Archaeologists Just Found Evidence For 3,000-Year-Old Drug Traffickers


Dr. Katie Spalding

Katie has a PhD in maths, specializing in the intersection of dynamical systems and number theory.

Freelance Writer


There really is a stock image for everything. patronestaff/Shutterstock

Narcotic use – and abuse – is a tradition that may be older than humanity itself. Ancient civilizations used tobacco, sniffed cannabis, and even invented the original beer pong in massive, institutionalized orgies. And now, thanks to a new analysis technique used by researchers at the University of York and the British Museum, we can also add a thriving opiate trade to our ancestors' rap sheet.

Between 1650 and 1350 BCE, distinctively shaped vessels known as base-ring juglets were traded extensively throughout the Eastern Mediterranean, but researchers have long puzzled over what they were actually used for. 


Since the early 1960s, archaeologists have hypothesized that the juglets were used to transport opiates. Like the classic diner ketchup bottle, the theory went, the vessels were shaped like their cargo: the juglets seemed to resemble the seed head of an opium poppy. But analysis of the containers never turned up physical evidence of the narcotic, and this led to the idea losing popularity in recent years.

"Opinion was swaying to say, ‘Oh, maybe they weren’t used for opium.’ So this is bringing the debate full circle," British Museum scientist Rebecca Stacey told The Times. "It’s reopening the debate." 


The base-ring juglet (right) resembles the seed head of an opium poppy. British Museum/University of York

The researchers were able to make the new discovery thanks to one particular vessel housed in the British Museum. This juglet had been kept sealed, preserving the contents and providing a rare opportunity to investigate what it might once have been used for.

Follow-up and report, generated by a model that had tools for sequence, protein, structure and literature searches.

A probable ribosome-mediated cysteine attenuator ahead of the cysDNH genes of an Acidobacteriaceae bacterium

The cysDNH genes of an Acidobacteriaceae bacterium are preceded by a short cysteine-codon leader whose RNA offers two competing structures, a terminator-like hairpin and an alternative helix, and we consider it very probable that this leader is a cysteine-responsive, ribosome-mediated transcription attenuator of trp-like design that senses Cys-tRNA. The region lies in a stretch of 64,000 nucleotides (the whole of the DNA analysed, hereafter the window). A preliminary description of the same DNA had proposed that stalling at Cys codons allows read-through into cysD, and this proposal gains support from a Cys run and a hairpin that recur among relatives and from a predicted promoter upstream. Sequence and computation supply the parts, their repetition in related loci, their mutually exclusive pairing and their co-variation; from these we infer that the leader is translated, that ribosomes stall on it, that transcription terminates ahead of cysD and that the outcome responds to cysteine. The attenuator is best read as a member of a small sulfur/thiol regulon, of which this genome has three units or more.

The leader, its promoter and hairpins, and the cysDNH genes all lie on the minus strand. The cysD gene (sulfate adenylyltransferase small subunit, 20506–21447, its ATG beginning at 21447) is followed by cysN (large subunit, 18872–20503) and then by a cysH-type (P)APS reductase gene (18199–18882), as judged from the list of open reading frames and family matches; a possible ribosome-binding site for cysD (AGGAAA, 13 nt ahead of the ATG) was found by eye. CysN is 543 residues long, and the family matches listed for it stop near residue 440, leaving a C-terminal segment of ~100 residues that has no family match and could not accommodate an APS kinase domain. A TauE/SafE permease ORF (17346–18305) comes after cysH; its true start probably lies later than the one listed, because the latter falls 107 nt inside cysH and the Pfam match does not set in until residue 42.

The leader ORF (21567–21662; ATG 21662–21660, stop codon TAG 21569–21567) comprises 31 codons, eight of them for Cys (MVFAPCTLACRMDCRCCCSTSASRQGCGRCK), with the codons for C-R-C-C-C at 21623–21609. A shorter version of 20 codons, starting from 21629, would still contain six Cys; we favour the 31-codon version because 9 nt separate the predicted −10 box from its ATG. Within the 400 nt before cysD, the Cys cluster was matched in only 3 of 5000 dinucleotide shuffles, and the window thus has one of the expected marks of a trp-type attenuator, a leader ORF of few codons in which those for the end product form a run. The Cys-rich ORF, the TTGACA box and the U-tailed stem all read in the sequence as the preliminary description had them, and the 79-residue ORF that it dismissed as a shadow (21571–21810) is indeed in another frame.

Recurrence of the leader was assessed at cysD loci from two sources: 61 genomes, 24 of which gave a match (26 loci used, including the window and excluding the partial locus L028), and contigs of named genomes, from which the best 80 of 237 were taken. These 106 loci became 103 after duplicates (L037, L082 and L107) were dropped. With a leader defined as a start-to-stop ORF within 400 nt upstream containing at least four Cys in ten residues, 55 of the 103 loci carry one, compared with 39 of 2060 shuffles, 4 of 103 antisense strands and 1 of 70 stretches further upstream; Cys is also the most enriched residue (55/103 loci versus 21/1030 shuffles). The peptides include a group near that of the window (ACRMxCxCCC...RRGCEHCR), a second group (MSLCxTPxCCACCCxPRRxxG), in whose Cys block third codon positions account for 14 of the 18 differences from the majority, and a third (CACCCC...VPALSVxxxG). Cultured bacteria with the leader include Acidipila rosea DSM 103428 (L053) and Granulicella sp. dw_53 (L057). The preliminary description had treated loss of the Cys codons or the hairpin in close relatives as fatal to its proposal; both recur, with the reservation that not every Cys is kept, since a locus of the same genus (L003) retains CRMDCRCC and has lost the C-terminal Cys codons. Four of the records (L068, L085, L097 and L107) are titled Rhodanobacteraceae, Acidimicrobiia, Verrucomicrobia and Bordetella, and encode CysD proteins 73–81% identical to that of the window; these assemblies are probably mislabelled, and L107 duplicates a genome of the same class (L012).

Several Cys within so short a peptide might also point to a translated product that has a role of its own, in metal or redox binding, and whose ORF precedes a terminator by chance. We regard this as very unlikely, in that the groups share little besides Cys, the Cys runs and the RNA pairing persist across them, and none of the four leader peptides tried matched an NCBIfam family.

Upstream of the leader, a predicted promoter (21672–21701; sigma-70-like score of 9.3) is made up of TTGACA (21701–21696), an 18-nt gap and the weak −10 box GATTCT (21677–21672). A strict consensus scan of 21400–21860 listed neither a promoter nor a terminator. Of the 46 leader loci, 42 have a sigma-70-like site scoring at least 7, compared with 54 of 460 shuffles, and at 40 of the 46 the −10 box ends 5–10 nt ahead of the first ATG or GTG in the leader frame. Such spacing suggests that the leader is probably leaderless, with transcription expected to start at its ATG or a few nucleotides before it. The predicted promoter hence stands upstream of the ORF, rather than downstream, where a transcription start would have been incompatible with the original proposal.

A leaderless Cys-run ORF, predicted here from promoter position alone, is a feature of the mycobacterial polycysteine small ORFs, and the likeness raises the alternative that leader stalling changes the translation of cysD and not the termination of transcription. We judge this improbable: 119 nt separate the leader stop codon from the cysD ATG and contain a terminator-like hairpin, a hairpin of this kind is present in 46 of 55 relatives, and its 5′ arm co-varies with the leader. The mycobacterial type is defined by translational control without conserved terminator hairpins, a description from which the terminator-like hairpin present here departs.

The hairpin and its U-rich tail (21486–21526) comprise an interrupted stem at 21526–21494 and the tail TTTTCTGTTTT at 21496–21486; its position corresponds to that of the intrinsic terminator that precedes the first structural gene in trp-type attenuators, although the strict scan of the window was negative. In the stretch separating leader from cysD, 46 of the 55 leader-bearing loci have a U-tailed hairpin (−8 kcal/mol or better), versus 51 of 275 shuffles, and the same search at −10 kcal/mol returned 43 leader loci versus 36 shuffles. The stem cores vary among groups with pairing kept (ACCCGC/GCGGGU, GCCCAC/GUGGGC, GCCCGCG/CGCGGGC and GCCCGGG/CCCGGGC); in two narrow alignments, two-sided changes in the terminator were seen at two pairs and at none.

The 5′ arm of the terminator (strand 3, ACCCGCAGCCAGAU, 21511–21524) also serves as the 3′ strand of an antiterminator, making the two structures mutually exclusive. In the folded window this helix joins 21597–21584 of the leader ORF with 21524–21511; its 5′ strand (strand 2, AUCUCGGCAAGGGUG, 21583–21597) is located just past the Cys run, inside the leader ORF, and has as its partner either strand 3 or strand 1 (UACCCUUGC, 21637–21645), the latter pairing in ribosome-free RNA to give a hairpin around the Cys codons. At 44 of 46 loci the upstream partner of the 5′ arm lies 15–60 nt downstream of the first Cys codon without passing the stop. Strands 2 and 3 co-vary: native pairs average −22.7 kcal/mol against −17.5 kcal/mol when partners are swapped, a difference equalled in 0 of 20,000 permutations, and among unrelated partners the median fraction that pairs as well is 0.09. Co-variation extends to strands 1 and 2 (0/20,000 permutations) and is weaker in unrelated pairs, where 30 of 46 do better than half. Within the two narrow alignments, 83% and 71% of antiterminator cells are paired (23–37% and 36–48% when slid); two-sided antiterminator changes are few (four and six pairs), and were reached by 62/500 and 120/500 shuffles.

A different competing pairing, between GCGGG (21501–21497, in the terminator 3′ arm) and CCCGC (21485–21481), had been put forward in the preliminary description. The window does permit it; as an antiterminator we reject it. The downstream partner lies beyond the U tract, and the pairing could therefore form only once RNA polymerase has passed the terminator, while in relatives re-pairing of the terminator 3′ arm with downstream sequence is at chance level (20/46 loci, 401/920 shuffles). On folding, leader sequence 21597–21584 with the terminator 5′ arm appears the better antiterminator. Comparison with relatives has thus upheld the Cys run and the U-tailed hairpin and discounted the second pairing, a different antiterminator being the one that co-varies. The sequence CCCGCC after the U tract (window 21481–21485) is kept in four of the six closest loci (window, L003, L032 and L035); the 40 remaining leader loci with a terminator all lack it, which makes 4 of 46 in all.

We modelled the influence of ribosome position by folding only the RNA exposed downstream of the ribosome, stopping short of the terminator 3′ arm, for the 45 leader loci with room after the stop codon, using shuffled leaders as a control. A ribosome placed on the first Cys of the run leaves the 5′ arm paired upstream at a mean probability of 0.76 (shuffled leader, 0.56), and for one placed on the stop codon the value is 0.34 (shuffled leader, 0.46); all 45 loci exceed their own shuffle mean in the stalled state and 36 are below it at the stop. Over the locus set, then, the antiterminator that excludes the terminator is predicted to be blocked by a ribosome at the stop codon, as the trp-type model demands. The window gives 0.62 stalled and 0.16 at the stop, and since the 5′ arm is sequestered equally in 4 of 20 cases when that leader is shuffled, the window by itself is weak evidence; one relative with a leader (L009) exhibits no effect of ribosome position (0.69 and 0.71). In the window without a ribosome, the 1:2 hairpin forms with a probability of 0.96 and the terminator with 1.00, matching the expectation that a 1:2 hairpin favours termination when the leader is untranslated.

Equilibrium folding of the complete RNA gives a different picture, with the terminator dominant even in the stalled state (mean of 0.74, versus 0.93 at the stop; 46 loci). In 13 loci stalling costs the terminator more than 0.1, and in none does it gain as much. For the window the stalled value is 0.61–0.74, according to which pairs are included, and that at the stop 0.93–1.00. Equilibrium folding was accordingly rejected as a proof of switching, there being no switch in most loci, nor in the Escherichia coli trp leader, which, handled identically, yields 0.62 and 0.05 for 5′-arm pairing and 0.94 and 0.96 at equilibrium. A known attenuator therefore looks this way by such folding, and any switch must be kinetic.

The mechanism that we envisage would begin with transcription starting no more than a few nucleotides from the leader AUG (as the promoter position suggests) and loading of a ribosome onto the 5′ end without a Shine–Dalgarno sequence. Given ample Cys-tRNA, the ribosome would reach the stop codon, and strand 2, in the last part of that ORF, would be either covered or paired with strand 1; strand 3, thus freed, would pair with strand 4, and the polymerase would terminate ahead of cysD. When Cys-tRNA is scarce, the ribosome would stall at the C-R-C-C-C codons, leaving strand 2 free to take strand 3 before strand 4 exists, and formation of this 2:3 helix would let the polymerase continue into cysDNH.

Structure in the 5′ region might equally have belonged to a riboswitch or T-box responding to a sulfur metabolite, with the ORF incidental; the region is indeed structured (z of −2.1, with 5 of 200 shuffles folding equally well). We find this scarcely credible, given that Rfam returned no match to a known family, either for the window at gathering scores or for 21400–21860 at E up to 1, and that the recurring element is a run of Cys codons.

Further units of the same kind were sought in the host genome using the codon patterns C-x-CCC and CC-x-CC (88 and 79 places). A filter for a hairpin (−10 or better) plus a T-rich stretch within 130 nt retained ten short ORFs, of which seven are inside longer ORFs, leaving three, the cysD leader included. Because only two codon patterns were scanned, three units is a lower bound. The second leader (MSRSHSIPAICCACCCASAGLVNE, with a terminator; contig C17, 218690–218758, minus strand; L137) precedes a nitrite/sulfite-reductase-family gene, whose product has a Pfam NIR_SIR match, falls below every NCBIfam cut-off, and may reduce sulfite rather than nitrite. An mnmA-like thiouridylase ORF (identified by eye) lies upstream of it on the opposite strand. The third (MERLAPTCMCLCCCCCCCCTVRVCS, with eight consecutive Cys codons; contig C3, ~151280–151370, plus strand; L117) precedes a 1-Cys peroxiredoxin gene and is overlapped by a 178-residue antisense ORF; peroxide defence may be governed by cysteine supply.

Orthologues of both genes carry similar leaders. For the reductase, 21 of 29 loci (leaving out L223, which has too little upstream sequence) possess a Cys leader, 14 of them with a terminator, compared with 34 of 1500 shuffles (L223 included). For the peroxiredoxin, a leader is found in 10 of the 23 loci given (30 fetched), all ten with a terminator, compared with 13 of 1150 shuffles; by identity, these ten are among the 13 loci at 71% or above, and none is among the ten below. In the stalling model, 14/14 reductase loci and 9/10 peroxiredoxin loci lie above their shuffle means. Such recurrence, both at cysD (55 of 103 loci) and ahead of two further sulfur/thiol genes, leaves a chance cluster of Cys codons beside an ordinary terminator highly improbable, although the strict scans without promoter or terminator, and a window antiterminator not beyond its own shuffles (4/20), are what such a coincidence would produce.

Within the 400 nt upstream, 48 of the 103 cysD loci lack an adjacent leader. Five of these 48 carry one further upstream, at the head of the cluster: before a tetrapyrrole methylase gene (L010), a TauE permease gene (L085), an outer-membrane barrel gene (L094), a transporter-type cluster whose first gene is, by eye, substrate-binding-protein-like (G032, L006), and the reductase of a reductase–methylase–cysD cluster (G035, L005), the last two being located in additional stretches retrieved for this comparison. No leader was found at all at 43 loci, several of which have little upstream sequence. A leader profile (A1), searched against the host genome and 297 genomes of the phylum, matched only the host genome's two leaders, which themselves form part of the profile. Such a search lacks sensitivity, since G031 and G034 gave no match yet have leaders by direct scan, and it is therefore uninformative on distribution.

Although initial analysis by scientists at the Museum had hinted that the juglet contained traces of opium alkaloids, their presence could not be confirmed until Rachel Smith, a PhD student (now doctor) from the University of York, developed a brand new analysis technique using instruments from the university's Centre of Excellence in Mass Spectrometry.


According to The Times, after drilling a hole into the base of the 15-centimeter (6-inch) juglet, the researchers discovered traces of papaverine and thebaine – two of the more stable opiate alkaloids – which had survived inside the container for around 3,500 years.

"The particular opiate alkaloids we detected are ones we have shown to be the most resistant to degradation," explained Dr Smith in a statement.

"[This] makes them better targets in ancient residues than more well-known opiates such as morphine."

But the researchers point out that this doesn't mean Bronze Age society was struggling with its own crisis in opioid abuse.


"We found the alkaloids in degraded plant oil, so the question as to how opium would have been used in this juglet still remains," Dr Smith said. "Could it have been one ingredient amongst others in an oil-based mixture, or could the juglet have been re-used for oil after the opium or something else entirely?"

Despite years of archaeological speculation, this is the first time that reliable chemical evidence has been found conclusively linking the juglets to opiate use. After this success, the researchers hope in the future to be able to use this technique to discover less well-preserved residues in the vessels – and to hopefully shed light on what the opiates were used for all those years ago.

"It is important to remember that this is just one vessel, so the result raises lots of questions about the contents of the juglet and its purpose," Dr Stacey explained. "[But] the presence of the alkaloids here is unequivocal and lends a new perspective to the debate about their significance."